ABOUT FOUR MONTHS ago, Lisa (name has been changed) was being discharged from Victoria Hospital, part of London Health Sciences Centre, when her social worker provided an option. Lisa had the choice of receiving assistance from a Transitional Case Manager (TCM) from the Community Mental Health Programs (CMHP) branch at Mission Services of London. Engagement with the TCM service is completely voluntary.

Our TCMs are a team of four connected to a greater crisis services continuum within London Middlesex. They are tasked with engaging, connecting and assisting individuals who frequent Emergency Departments or Hospital In-Patient Health Services. They help people who are orphaned from primary health care service, or those experiencing a mental health crisis without connection to resources. For engagements up to nine weeks, TCMs assist individuals with accessing health, mental health, addiction, housing and social services, resulting in fewer admissions to hospital while providing needed support.

Woman“I was happy to be connected to Sharon on the TCM team who helped me with a number of things,” says Lisa. “I had lost my T4 slips. Sharon knew to call Revenue Canada. She took me to the government office and we got the paperwork done. When I needed to contact the hydro company to get that working again, she found the correct number for me to call. She took me to the London Food Bank and to the food program at the Salvation Army. Now I know where to go and which bus to take.”

The Mission Store thrift store has a Voucher Program enabling referred clients to obtain items without cost. “I was able to get a coat, boots, pants and sweaters—all things I needed,” says Lisa.

Lisa is now connected to services through CMHA (Canadian Mental Health Association) Middlesex including their Community Programs for life skills and social interaction. “I’m a people person so I’m really excited about the program,” says Lisa. She is also on a waiting list for their Intensive Case Management one to one support.

“I’m glad I received assistance from a TCM. I wouldn’t have known about the various community services and how to access them. If someone has the choice for this help, I would tell them to say yes.”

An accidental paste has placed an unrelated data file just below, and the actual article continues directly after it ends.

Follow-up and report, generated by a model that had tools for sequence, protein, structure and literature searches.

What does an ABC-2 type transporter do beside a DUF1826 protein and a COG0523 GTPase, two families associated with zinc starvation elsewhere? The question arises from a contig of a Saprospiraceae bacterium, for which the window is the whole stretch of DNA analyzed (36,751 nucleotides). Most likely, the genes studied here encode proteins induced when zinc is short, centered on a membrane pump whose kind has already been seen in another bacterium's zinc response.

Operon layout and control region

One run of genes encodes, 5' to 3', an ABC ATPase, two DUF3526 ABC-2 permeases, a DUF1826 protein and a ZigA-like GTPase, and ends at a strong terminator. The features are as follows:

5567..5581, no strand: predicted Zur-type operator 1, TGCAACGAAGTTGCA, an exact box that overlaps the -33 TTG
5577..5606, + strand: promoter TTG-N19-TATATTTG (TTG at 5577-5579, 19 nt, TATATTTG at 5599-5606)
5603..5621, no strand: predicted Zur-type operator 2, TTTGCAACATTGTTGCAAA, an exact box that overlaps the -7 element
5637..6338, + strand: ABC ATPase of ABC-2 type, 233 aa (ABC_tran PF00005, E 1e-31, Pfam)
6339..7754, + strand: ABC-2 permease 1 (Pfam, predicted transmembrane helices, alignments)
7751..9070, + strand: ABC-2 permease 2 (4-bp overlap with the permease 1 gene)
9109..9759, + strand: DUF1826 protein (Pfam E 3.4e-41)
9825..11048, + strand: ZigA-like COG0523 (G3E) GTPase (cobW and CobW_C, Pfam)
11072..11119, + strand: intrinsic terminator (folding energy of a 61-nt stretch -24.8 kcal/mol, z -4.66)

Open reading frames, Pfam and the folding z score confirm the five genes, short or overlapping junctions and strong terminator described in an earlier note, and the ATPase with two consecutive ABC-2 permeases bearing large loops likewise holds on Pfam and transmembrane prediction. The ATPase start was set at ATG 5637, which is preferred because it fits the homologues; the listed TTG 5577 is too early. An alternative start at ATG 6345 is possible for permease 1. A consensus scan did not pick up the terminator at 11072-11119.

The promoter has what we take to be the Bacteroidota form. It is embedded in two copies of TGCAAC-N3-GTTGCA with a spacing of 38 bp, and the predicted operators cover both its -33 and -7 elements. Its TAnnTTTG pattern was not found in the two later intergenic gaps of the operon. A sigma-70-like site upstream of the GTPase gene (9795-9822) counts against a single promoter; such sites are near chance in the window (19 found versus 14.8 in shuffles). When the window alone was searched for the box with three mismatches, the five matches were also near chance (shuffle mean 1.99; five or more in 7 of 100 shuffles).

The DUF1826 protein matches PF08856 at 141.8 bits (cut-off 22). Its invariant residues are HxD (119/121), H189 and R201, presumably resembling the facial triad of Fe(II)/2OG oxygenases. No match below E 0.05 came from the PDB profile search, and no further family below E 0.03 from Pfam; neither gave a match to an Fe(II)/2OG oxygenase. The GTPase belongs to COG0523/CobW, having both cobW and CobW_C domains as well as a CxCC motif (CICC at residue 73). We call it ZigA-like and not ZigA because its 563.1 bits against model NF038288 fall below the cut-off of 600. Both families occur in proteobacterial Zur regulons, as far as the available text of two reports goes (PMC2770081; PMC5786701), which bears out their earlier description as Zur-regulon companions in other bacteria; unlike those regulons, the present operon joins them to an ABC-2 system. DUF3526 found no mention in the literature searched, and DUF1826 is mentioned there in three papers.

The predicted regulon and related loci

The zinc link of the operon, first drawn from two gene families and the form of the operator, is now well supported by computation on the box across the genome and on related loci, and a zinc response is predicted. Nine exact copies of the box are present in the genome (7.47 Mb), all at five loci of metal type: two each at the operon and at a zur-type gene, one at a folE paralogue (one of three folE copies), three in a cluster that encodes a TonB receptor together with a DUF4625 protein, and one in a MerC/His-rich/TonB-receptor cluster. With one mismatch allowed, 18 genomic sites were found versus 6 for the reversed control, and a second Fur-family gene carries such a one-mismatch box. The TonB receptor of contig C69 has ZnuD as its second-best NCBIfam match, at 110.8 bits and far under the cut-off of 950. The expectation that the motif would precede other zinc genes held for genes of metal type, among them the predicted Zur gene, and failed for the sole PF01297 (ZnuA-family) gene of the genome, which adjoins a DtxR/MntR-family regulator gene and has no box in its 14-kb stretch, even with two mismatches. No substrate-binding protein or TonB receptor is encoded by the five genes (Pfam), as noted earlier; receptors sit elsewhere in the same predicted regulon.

WHEN HE FIRST came to the Men’s Mission & Rehabilitation Centre on York Street almost seven years ago, Scott* said that he had nowhere else to go. “I didn’t feel that it was a place for me because I had worked and held jobs. In my mind, I had a pre-judged idea of people who came to the Mission, and it wasn’t me. I was in one spot and those guys were in another. But there I was.”

The Men’s Mission has 111 emergency shelter beds for homeless men age 16 years and over. In addition, the Roger Smith Wing is a residence with 35 private rooms for longer term transitional accommodation that is paid for by clients through their sources of income. Scott has been able to find stability at the Men’s Mission by staying in a private room, accessing support services and being part of the In-Shelter Work Program.

MMLawn22sept2014bw“I help with grounds keeping at the Men’s Mission. I used to like it, now I love it. I cut grass and do some extra duties; I’m happy to do them. I pick up garbage on all sides of the building two or three times a day. I don’t want anyone walking by to have to see garbage. I also shovel the walkways. I earn a stipend for my work, but it’s no longer just about the money. I take pride in it. I want to do the best job that I can. Our grounds are cleaner; I’ve played a part in that.”

All clients meet with an In-Shelter Case Worker; there are three on staff. They are there to provide support with what clients want to work on, and help link them with community resources and other services.